NC State pitcher Rodon stonewalls top seed North Carolina in 8-1 CWS win
OMAHA, Neb. -- North Carolina State and North Carolina were playing each other in baseball for the 285th time, but never on a stage like this.
Carlos Rodon pitched like the star he is, throwing eight shutout innings and holding the Tar Heels to five hits in an 8-1 College World Series victory on Sunday.
''This is the College World Series and it doesn't get any better than this, so why not bring your 'A' game?'' Rodon said. ''Of course, I try to bring my 'A' game every time.''
Rodon (10-2), who required 108 pitches to record his third complete game of the season, held the No. 1 national seed Tar Heels hitless into the fifth inning. He allowed five hits and struck out eight.
It was sophomore left-hander Rodon's consecutive dominating performance against the Tar Heels. The result was more satisfying this time. Three weeks ago he allowed one hit and struck out 14 in 10 innings but got no decision in a 2-1, 18-inning loss in the Atlantic Coast Conference tournament.
''He was as good as I've seen him all year,'' Wolfpack catcher Brett Austin said.
The Wolfpack's first CWS appearance since 1968 will continue Tuesday when it plays either LSU or UCLA. The Tar Heels (57-11), in Omaha for the sixth time in eight years, are one loss from elimination. Carolina hasn't lost back-to-back games this season.
''You have to rely on the leaders on your team to rally and they've been able to do that all year long,'' Carolina coach Mike Fox said. ''It'll be another really good team, and we'll obviously have to play better. I have confidence in my guys. It's disappointing today. I have no doubt we'll be ready Tuesday.''
While Rodon dominated, ACC pitcher of the year Kent Emanuel struggled yet again and left the game down 5-0 in the third inning.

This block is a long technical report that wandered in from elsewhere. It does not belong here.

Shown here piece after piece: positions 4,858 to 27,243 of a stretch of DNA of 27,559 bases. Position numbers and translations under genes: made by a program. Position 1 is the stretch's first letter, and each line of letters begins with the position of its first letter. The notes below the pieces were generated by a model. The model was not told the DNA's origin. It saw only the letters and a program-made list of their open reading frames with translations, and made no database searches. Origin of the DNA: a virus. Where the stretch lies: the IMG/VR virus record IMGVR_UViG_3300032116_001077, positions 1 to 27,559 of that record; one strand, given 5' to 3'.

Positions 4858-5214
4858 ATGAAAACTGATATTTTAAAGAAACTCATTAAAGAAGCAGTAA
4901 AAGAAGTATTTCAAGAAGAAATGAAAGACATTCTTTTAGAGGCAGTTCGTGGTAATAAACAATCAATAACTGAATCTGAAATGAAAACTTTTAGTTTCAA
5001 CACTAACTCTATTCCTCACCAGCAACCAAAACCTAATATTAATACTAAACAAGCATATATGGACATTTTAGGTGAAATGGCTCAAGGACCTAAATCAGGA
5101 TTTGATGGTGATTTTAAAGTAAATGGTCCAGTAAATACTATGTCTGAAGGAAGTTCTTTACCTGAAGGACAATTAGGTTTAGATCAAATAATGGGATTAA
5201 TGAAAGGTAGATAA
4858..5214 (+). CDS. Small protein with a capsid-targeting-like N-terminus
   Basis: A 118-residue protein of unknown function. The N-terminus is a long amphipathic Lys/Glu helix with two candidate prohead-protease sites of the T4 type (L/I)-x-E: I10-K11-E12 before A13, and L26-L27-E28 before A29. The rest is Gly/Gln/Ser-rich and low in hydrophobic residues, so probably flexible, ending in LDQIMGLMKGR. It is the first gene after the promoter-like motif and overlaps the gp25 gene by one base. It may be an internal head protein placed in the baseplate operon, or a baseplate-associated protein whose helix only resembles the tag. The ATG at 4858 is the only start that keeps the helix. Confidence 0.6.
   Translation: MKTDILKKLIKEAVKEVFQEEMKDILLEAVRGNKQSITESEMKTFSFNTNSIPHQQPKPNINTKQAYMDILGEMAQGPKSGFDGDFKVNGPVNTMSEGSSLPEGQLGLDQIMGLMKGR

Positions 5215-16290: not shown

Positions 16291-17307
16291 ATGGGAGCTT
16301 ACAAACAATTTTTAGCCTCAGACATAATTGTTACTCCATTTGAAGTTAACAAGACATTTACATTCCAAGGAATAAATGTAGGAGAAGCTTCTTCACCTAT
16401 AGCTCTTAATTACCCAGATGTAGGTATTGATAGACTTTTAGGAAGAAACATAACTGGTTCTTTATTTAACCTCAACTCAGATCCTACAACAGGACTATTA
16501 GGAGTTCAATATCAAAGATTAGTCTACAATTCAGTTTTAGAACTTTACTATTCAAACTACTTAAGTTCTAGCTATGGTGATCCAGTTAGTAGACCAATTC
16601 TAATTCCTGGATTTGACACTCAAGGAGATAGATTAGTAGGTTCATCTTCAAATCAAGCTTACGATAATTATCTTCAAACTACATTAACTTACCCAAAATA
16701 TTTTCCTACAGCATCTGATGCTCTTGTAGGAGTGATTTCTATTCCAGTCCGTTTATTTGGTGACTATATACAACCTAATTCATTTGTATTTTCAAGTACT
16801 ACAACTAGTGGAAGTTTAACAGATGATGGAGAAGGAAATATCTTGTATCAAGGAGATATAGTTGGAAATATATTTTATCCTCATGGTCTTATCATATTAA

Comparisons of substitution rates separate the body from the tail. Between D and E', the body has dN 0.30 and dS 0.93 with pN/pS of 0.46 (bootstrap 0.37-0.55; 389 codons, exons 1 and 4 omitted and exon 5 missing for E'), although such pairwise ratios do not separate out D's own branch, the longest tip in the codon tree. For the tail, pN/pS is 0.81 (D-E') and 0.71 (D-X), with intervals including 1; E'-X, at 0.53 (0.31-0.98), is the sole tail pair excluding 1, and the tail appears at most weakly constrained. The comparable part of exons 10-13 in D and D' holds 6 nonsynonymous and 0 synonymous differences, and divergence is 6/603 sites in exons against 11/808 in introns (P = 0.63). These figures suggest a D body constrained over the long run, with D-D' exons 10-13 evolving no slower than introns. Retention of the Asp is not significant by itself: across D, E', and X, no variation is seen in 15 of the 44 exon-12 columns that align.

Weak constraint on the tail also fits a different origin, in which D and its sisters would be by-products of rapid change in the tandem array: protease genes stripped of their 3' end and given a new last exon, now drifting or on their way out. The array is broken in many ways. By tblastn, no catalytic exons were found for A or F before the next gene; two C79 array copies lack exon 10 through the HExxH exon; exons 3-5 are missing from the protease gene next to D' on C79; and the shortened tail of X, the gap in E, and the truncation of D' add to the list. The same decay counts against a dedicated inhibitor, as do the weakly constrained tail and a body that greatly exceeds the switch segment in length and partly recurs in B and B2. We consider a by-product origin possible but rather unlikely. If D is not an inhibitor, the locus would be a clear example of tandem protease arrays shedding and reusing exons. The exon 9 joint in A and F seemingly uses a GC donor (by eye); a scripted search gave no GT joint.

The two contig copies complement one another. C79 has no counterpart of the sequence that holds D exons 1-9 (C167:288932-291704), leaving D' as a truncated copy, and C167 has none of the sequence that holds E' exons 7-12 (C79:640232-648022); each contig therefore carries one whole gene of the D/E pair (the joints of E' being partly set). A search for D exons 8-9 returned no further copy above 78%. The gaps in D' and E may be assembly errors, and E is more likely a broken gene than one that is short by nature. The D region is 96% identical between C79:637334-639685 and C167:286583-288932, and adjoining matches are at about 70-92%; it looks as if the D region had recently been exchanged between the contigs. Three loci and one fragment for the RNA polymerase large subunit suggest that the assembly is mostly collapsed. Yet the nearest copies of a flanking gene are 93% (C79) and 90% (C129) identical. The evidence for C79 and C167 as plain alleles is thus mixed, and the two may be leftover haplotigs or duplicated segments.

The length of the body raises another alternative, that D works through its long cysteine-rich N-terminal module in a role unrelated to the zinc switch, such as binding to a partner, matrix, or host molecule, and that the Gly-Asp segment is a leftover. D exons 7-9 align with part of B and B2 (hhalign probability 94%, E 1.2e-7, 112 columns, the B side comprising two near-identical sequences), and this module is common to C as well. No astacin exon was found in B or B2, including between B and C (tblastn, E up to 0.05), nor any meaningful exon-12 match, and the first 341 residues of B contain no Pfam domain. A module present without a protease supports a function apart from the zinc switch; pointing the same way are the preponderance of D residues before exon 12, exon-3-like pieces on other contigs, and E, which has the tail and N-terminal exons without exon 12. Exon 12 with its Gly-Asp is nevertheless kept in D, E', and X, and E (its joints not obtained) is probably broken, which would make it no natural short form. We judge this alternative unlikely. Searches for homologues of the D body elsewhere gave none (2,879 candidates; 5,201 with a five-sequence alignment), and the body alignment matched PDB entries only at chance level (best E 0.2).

''Just not making the pitches I need to,'' Emanuel said. ''Basically, it's simple as that.''
Brett Williams, Bryan Adametz and Logan Ratledge had two hits apiece for the Wolfpack (50-14), with Ratledge driving in two runs out of the No. 9 hole.
Rodon opened by walking Chaz Frank on four pitches, then retired 14 consecutive batters before Brian Holberton singled up the middle on a first-pitch fastball with two out in the fifth inning.
''You try to be perfect, but you're not going to say, 'I'm going to throw a perfect game' or 'I'm going to throw a no-hitter today.' It doesn't work that way,'' Rodon said.
Rodon got help from a defense that turned double plays after Carolina got runners on base in the seventh and eighth innings. The Tar Heels broke through in the ninth, with Frank singling leading off and Landon Lassiter following with an RBI double.
Emanuel (11-4) was nothing like he was two years ago at the CWS when he threw a four-hit shutout against Texas as a freshman. He failed to make it out of the third inning for a consecutive start and the Tar Heels tied a CWS record by using eight pitchers. A junior left-hander, he was pulled after he allowed two doubles and two singles to the final five batters he faced.
A Houston Astros' third-round pick, he now has an 11.40 ERA in five NCAA tournament appearances, having given up 19 runs in 15 innings.
Emanuel had pitched at least into the seventh inning in 14 of his first 15 starts and he has logged more career innings (340) than any junior in program history. Fox has been criticized in some quarters for his handling of Emanuel in the NCAA tournament. He made a 51-pitch relief appearance in regionals two days after throwing 124 pitches in a start.
Fox said Emanuel has struggled recently with his off-speed pitches, which he typically can go to on any count.
''Hopefully he's going to get another opportunity out here at some point,'' Fox said. ''We would not be here without him. There's no question about that.''
NC State and the Tar Heels have now split four games this season and could meet again before the week is over. The Wolfpack said the familiarity the teams have for each other makes it easier to adjust to the environment at TD Ameritrade Park.
''I was glad personally to come in here and play those guys,'' third baseman Grant Clyde said. ''And when Carlos is on the mound, you know he's going to come out against those guys even more amped up because it's a big rivalry and it's a big game. Carlos came out and did his thing and was very dominant.''